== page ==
The RU Ready for Work program is financed largely with Workforce Investment Act funds, now known asfunds, that are distributed through the Newark Mayor’s Office of Employment and Training. As its name suggests, the program was originally intended to help prepare young participants for the world of work.
As participants began to express interest in certain careers, it soon became apparent that post-secondary education had to become part of the equation, said Diane Hill, assistant chancellor at Rutgers University-Newark.
“If this is the job you want to do, this is the path, and it requires college,” Hill said, explaining the shift the program took in its work and messaging to young participants.
“It requires something other than just going to work,” she said. “If you’re going to make career decisions, you have to understand what that journey is about. So we started to have them map out success plans. They had to actually say, ‘I’m going to do better.’” Doing better meant taking advantage of the program’s recommendation of tutoring and its offer of SAT prep.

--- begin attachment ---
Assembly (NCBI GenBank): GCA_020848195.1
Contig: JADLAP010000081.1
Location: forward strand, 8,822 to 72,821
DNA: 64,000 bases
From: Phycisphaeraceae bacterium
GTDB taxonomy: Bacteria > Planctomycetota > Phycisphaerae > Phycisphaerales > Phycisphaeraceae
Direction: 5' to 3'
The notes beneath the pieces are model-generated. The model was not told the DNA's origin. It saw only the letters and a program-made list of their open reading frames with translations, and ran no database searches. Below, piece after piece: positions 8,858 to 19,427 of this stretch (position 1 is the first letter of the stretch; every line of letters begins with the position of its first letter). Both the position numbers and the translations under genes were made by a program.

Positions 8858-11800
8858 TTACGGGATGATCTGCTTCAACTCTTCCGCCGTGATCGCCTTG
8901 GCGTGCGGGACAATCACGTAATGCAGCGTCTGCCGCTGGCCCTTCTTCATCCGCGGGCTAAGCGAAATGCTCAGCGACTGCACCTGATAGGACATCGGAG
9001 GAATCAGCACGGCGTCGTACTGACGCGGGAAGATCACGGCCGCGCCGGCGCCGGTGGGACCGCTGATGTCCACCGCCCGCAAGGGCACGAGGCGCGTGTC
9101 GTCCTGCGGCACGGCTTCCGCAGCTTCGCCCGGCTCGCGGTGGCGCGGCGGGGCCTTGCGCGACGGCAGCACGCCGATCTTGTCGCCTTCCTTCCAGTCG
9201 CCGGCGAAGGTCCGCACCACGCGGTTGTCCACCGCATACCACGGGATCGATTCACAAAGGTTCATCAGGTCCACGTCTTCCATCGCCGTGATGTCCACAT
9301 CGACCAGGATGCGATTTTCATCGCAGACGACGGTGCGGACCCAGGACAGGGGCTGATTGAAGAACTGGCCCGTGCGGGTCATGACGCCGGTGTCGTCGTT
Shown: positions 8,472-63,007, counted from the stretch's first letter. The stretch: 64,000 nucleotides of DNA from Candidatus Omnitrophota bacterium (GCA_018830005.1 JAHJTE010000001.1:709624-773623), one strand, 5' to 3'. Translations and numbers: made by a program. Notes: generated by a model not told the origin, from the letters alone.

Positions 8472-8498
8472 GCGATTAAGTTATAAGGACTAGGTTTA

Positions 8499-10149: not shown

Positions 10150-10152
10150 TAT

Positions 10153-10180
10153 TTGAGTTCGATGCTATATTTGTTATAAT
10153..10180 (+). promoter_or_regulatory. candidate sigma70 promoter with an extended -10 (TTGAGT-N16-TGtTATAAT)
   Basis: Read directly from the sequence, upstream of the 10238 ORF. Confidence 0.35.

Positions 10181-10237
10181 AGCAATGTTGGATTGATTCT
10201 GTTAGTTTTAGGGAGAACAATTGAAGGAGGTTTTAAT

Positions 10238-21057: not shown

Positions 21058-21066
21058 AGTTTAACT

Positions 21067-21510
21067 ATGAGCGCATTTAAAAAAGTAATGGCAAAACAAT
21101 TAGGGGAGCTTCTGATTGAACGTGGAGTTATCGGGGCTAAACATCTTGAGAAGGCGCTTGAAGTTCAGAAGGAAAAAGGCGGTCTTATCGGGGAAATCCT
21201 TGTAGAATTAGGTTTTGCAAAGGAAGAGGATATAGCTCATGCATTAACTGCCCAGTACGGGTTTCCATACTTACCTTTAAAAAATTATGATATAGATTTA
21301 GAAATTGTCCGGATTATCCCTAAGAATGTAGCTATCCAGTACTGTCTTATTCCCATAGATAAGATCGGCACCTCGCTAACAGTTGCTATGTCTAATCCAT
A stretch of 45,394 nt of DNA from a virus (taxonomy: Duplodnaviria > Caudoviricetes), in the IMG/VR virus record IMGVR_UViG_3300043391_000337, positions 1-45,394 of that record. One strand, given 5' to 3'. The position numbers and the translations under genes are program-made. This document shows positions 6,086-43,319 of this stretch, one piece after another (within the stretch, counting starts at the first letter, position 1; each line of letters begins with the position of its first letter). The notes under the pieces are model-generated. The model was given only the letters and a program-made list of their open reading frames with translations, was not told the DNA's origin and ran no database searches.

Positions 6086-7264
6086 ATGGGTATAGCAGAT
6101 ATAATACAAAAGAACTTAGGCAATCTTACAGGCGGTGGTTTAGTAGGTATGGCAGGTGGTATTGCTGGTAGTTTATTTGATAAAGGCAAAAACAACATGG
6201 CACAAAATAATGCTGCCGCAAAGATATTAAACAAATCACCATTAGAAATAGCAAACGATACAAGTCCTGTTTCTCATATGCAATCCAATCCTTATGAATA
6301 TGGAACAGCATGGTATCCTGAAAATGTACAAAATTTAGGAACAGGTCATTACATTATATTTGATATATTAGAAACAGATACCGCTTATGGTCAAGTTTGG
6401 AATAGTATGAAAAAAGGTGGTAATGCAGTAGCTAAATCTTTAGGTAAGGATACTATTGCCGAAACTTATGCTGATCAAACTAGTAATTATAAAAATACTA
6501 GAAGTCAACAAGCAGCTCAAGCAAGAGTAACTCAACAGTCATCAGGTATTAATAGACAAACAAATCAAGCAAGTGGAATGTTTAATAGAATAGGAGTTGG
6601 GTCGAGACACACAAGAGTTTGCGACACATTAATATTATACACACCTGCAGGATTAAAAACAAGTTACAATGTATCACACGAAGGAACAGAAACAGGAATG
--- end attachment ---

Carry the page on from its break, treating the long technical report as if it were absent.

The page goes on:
So while work readiness remains an important focus of RU Ready for Work, the program could just as easily be called RU Ready for College.
Many of the program’s metrics are focused on college enrollment, records show. And so far, the results look pretty good.
Despite uncertain funding, which has made it difficult for program administrators to plan much further than a year ahead, those who complete the program enroll in college at an average rate of 82 percent -- much higher than the historic rate of 48 percent at West Side High School.
That’s where the program began in 2008 to address the “overwhelming evidence of disproportionate disadvantage.” West Side is in one of the most impoverished census tracts in Newark.
The 82 percent average rate comes from 2009 (when the rate was 56.3 percent) through 2014 (when the rate was 100 percent for the second year in a row). The rate includes not only West Side High School but also several others to which RU Ready for Work has since expanded.
The program size ranges from 19 to 22 each year.
The summer component of the program has earned mostly high marks from the National Summer Learning Association, particularly for its emphasis on college acceptance rates and underemployment in Newark.
“The program mission and vision are clearly grounded in the needs of the community,” says a 2013 NSLA report, which gave the program a 3.5 out of a possible 4 for its purpose, and similarly high marks for its planning, partnerships, and integration of an academic and developmental focus.